Egypt's Ministry of Trade and Industry has announced it will offer 12 new steel mill licenses to meet rapidly increasing demand and to stave off an expected shortage by 2017. The deadlines for the launch of the factory building licenses will be finalised by the beginning of next month, the ministry has said.
The Egyptian Industrial Development Authority says the new factories are vital to the adequate supply of steel in the country, which is expected to reach to five million tons by 2017 if the growth rate continues to rise at seven per cent. If growth hits eight per cent, demand is expected to increase to six millions tons.
Egypt's demand for steel has been steadily rising over the past four years, as massive infrastructure, housing and tourist projects were implemented to capitalize on the strong performance of the Egyptian economy and the subsequent increase in the population purchasing power.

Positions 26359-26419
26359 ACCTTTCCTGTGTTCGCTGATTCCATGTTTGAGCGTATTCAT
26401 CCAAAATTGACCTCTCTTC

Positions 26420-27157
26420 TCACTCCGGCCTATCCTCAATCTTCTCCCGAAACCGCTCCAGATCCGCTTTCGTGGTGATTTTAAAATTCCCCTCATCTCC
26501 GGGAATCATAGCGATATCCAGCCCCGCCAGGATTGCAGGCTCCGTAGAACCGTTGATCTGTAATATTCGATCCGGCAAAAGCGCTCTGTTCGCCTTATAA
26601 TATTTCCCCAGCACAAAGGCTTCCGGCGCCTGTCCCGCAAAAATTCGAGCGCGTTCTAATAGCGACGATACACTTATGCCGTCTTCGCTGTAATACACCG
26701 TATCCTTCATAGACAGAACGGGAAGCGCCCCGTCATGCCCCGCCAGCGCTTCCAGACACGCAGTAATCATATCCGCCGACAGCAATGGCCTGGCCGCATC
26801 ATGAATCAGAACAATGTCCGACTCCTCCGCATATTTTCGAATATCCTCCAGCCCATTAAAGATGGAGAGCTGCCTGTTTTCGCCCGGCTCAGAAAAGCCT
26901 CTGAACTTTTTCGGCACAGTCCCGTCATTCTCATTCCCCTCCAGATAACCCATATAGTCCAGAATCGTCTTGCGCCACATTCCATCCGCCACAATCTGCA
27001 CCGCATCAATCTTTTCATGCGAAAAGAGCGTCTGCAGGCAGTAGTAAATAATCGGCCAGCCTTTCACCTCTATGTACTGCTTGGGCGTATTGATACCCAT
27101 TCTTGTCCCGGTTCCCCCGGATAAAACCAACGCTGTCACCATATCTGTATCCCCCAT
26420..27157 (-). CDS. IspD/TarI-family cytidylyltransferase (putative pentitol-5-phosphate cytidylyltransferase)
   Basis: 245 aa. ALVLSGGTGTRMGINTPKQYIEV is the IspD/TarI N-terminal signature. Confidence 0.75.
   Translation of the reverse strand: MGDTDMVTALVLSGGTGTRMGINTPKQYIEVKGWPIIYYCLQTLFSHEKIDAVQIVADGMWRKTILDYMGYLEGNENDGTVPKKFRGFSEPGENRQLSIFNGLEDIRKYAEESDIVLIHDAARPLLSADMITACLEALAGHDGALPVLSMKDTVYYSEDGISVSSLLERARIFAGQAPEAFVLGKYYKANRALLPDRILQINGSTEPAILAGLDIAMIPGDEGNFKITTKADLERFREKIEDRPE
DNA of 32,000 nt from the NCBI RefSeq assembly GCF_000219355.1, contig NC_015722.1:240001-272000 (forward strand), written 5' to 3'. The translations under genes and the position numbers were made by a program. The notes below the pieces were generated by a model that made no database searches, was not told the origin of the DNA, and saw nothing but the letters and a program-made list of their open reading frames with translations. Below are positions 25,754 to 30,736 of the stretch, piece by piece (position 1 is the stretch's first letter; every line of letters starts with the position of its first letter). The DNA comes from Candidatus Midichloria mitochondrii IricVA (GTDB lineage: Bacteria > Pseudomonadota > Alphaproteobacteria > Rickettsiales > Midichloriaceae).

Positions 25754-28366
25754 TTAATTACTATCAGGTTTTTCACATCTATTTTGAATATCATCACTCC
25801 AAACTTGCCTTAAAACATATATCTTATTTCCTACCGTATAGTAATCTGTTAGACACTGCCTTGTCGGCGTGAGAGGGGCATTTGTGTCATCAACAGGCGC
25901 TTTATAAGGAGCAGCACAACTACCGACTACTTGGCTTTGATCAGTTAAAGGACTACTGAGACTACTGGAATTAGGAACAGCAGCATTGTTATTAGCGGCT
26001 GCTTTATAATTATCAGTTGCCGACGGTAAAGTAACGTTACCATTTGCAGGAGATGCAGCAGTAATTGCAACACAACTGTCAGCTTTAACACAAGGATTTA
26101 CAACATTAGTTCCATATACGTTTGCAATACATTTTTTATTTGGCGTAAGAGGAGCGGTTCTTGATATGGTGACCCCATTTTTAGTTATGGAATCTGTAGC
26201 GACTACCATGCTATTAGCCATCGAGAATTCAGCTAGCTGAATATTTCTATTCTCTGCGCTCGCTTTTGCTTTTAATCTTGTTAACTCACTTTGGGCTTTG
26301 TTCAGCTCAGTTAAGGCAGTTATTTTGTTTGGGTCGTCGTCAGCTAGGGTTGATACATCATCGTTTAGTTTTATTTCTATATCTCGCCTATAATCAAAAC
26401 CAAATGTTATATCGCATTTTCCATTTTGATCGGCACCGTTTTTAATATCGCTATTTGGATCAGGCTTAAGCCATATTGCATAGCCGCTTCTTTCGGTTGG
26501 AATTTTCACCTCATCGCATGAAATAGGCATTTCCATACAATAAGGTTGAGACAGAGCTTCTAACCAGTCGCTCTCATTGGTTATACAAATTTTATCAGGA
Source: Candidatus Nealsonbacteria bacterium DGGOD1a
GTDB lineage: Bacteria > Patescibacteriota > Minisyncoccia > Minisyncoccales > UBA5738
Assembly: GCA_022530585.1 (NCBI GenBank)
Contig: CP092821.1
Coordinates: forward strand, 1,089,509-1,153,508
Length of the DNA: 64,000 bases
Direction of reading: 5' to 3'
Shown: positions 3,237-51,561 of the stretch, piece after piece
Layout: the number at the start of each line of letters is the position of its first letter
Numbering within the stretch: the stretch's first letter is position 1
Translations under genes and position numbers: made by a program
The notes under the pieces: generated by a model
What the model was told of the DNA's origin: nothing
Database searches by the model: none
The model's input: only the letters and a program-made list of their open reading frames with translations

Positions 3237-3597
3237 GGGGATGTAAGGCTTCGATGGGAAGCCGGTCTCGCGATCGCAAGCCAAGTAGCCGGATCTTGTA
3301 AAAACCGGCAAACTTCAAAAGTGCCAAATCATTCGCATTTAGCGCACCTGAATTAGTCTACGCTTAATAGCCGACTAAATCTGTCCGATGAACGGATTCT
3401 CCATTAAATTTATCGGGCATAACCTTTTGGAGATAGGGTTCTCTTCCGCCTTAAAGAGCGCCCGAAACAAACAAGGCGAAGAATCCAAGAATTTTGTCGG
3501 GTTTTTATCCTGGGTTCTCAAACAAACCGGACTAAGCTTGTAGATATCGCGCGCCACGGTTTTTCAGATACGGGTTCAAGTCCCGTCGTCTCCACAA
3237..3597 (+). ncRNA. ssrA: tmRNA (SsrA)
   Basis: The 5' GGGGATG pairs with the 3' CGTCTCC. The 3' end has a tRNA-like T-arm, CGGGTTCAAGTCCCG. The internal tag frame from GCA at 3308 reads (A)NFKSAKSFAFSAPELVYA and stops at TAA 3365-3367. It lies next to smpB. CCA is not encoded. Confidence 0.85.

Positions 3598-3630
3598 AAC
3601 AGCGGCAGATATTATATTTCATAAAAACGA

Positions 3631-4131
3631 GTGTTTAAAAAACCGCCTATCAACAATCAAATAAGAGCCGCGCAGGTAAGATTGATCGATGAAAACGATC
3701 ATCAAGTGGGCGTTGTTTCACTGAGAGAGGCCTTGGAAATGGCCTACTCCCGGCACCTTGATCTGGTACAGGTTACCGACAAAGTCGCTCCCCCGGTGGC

In 2004, steel consumption amounted to just 3.4 million tons. In 2007, the figure rose to 5.2 million tons, and in 2008 steel consumption grew 15.3 per cent year on year.
Egypt's per capita consumption of steel in 2007 was about 69.2 kg, which was above the African average of 35.8 kg. Analysts say one of the reasons for this large discrepancy is Egypt's large population, of 81.7 million people.
Across the Middle East region the steel industry is booming, and experts say it will continue to offer a wealth of opportunities for the steel and metal industries.
?The resurgent metal and steel industries of the MENA region means that next year's Metal and Steel Exhibition (February 26 -28, 2011, Egypt), is well placed to once again provide the perfect platform for business across all aspects of the Middle East's metal, iron and steel industries,? said exhibition managing director Ahmed Megahed.